It's teacher hunting season!

Monday, October 12, 2009

TJC's flyer on the UFT, the ATR crisis and the mayoral election

The Teachers for a Just Contract has been doing good work as a caucus competing with the Unity Caucus which dominates officer positions in the United Federation of Teachers. They (along with ICE) have a competing candidate (James Eterno) for UFT president in next year's UFT president election.

They have offered serious critical analysis of New York City's Absent Teacher Reserve ("ATR") crisis, which the Unity Caucus conceded to with the 2005 contract. Before we share the TJC flyer on the UFT and the ATR crisis, let's discuss the ATR issue. The 2005 contract gave away seniority transfer rights. This was a dream-come-true for the city, for the city could pursue its ageist (or at long employment service)-cleansing of the teacher ranks. With the closing down and breaking apart of schools, the Department of Education was able to eliminate the people that it considered bad: the veteran teachers. The city not only preferred younger, cheaper teachers, it castigated the thoughts, teaching methods and energy of veteran teachers as out-of-date, old-school, un-progressive, worn, tired and so on.
The teachers that seemed too expensive or out of sync with the new ideas of pedagogy were rejected in the new pools of teachers in the restructured schools. The rejected teachers became the ATRs. Thus, the ATR scheme worked hand in glove with the restructuring of schools.

The buzz on the web is that scorned teachers should alert the local chapter leader and petition for placement on the school's teacher rolls. This is a trap, for while the ATR teacher would be getting a bona fide position and would be on the good side of Joel Klein and media-fed public opinion, the ATR teacher that secured the teaching position would be on the principal's bad side from the start. The principal would have a potential grudge against the teacher: the principal would see the ATR as forced on him/her, as dislodging her choice for a newer, "fresher-thinking" teacher. And the older ATR teacher could find him/herself the target of principal wrath with letters-in-the-file, negative observations and the like.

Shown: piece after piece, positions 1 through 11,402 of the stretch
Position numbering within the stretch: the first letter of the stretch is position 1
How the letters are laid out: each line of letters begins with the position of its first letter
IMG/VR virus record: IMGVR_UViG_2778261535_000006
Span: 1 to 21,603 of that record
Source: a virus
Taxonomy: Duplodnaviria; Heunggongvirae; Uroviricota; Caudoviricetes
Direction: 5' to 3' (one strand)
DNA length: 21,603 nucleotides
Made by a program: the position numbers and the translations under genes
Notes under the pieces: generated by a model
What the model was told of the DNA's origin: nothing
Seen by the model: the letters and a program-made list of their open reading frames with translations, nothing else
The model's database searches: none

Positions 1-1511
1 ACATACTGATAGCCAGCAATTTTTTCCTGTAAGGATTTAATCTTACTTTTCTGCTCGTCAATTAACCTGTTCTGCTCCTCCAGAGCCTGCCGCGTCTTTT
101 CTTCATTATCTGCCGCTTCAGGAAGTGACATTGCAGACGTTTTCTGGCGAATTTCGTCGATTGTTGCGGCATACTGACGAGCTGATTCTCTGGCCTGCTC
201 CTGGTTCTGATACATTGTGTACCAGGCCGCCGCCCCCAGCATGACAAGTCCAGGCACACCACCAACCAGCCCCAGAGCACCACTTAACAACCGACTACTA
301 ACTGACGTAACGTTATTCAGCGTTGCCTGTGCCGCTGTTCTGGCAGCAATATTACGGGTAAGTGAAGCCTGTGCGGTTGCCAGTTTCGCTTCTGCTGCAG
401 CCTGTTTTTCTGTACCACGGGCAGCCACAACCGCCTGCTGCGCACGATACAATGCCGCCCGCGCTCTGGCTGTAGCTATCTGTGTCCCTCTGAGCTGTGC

Here is where the top-down power and a top-down strategy is safer: the union could demand an audit of the schools. The union, the city, the chancellor have put a public face that the ATRs must be placed, and that there must be a freeze on the outside hires.
Yet, we all know that the reality is that the principals (particularly those trained in the Leadership Academy), inculcated with seven years of Klein-driven anti-established teacher thought, have been hiring novice teachers, ahead of ATR teachers, often at schools where there are seasoned (ATR) veterans in the same license area that are working at office-work assignments instead of teaching actual classes.
Let's see if Interim Acting United Federation of Teachers President Michael Mulgrew has the moxie. Will he force an audit of the DoE's hiring patterns; will he force the placement of the seasoned veteran ATR teachers, or will he ignore the issue and let the city take the initiative?

HERE IS THE TJC FLYER ON THE UFT AND THE ATR CRISIS, which touches on the union's neutrality in the mayoral race.

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